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acute affected alteration amyotrophy anatomical appear Archives arthropathy autopsy axis-cylinders bulbar bulbus cells centimetres cerebral cervical enlargement cervical region characters Charcot clinical colour compression connective consecutive contracture contrary cornua diagnosis disorders disseminated sclerosis dorsal region Duchenne de Boulogne dura mater examination exhibited existence fact fascicles fatty fibrillary gastric crises gentlemen granular grey induration grey substance hemichorea infantile paralysis invaded invasion irritation lateral columns lateral sclerosis lecture lesion lightning pains locomotor ataxia lower extremities lumbar median meningitis mentioned motor incoordination motor nerve-cells movements muscles muscular fibres myelitis nerve-cells nerve-tubes neuroglia normal nuclei observed occupy optic nerve optic neuritis papilla paraplegia paroxysms period phenomena Physiologie posterior columns Pott's disease present progressive muscular atrophy protopathic radicular remarked sclerous sections shooting pains side sometimes spinal amyotrophies spinal cord spinal lesion spinal paralysis superior extremities supervened symptoms tabes tabetic tion tissue transverse tumours upper extremities vertebral whilst
Page 204 - ... the propagation is effected by means of the nerve filaments, which, you are aware, normally establish a communication between the lateral columns and the anterior horns
Page 38 - According to some ophthalmologists, the optic lesion proper to ataxia may, in a certain number of cases, precede all the other symptoms, and of itself constitute the whole disease, often during many long years. Now nothing is better established in my opinion, as I have already indicated, than the accuracy of this proposition. . . . Hence it is important to be able to recognise the identity from the beginning of this affection of the optic nerve, which, ten or fifteen years after its invasion, shall...
Page 176 - Progressive atrophy of the muscles of the trunk and upper extremities, after a blow on the neck with the fist.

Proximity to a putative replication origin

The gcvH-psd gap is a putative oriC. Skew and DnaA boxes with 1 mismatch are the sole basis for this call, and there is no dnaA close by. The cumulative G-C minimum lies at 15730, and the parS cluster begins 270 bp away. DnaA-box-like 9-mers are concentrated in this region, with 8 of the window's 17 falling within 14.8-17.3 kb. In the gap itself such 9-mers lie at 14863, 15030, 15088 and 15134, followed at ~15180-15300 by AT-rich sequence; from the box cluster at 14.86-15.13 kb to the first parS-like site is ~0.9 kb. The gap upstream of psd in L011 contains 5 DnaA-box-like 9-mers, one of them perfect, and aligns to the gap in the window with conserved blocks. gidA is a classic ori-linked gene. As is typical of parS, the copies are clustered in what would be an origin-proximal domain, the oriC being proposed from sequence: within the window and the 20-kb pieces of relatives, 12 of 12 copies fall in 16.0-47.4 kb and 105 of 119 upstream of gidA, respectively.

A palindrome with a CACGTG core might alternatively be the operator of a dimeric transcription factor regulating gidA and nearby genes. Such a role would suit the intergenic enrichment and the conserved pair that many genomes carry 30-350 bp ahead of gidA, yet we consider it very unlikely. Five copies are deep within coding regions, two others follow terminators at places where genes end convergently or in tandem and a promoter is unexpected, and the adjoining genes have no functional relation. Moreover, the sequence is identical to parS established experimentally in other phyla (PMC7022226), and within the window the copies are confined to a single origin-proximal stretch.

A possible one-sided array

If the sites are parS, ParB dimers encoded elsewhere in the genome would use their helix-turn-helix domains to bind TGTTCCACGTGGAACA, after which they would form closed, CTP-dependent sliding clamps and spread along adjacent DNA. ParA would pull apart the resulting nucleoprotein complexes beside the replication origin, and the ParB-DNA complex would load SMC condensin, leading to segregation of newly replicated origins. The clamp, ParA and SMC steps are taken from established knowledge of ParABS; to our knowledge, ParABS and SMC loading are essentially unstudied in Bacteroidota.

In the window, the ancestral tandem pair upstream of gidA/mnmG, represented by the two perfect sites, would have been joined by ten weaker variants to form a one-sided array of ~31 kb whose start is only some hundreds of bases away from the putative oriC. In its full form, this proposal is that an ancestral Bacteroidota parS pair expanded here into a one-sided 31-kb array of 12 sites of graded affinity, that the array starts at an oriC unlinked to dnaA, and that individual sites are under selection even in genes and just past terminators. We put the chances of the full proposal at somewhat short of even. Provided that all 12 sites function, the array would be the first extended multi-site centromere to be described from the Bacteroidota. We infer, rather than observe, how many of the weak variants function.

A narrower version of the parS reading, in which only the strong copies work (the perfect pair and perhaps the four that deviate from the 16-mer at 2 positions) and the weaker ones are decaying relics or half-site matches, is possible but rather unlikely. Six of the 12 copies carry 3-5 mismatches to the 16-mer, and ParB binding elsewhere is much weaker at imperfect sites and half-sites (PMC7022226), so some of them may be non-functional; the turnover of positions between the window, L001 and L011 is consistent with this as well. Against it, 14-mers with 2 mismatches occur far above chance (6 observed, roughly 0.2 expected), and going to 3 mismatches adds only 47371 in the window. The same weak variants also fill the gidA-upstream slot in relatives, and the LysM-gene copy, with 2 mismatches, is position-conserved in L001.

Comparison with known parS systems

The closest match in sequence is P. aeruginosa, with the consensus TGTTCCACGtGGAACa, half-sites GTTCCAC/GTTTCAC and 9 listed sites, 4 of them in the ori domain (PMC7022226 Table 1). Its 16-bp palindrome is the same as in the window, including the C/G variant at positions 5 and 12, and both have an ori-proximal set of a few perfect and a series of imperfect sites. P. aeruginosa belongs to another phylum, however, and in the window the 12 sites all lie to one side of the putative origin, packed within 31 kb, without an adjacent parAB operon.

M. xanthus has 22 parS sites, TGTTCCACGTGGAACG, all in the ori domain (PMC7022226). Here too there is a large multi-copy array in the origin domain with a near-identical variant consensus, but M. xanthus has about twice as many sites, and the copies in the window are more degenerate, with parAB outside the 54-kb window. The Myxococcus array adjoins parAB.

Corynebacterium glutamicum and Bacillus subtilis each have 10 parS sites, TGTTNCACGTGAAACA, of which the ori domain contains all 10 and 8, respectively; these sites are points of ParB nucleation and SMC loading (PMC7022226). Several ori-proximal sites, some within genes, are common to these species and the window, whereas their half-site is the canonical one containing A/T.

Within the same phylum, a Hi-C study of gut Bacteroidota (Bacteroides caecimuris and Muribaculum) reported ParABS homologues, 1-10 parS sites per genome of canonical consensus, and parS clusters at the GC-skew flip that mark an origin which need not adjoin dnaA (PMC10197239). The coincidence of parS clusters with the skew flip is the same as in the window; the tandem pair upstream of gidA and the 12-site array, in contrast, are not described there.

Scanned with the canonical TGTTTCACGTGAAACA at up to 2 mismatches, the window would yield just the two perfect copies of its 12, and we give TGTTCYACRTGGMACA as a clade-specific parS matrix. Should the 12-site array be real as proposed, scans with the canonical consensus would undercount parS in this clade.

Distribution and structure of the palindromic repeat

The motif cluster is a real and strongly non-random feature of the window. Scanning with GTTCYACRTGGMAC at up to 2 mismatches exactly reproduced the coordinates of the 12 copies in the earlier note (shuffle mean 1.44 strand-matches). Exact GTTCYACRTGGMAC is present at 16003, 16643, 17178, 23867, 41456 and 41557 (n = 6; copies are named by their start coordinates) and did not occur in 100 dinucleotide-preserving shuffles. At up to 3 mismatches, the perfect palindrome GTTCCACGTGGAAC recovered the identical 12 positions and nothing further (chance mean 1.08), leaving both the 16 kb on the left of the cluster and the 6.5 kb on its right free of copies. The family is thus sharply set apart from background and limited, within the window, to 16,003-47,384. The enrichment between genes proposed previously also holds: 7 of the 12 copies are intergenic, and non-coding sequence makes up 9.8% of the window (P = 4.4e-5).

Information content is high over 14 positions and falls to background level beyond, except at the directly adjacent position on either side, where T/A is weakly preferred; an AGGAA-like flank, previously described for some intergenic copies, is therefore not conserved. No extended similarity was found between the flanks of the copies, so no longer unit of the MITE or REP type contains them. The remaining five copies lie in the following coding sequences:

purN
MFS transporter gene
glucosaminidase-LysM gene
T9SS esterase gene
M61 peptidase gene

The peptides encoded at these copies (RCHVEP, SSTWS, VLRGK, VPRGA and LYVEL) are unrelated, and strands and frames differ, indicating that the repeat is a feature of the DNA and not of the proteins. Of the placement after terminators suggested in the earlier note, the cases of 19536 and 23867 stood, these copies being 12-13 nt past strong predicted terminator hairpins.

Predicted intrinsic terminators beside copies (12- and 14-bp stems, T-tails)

Page 31 - of all the visceral symptoms which may display themselves from the period of lightning pains, one which is the most remarkable and least known, if I mistake not, is that which I have proposed to designate by the name of gastric crisis. . . . Very often its real significance remaining misunderstood, it is the occasion of grave errors in diagnosis.
Page 58 - Undoubtedly, in cases of old standing, when the articular surfaces, worn and deprived of cartilage, have continued to move on each other, the limbs being still made use of more or less imperfectly, the signs observed...
Page 178 - CORD. we have described in connection with infantile paralysis ; and there is reason to suppose that, as in the latter case, the limiting of the alterations to the anterior cornua of the grey substance is accounted for by the circumstance that the ganglionic elements are the primary seat of the affection1.
Page 56 - In spite of these profound lesions, the member affected by arthropathy may still serve for prehension, if it be the upper extremity ; or for walking, if the hip and knee be the articulations affected.
Page 131 - The muscular affection is, in the latter case, confined to the muscles of animal life, particularly to those of the extremities ; the trunk and the head are, indeed, far from being exempt ; but the functions of the bladder and rectum are generally respected. Contrary to what takes place in ordinary myelitis, it is also rare to see eschars (bed-sores) or other disorders of the nutrition of the skin in spinal myopathies, even in the most serious cases.
Page 56 - At the end of some weeks, or of some months, the swelling disappears and then all returns to the normal state (benignant form); sometimes, on the contrary, serious disorders remain in the joints, crackings, dislocations, answering to a wearing down of the osseous surfaces, and various luxations (malignant form}.
Page 62 - How often have not I seen persons, not yet familiar with this arthropathy, misunderstand its real nature, and, wholly preoccupied with the local affection, even absolutely forget that behind the disease of the joint there was a disease far more important in character, and which in reality dominated the situation — sclerosis of the posterior columns.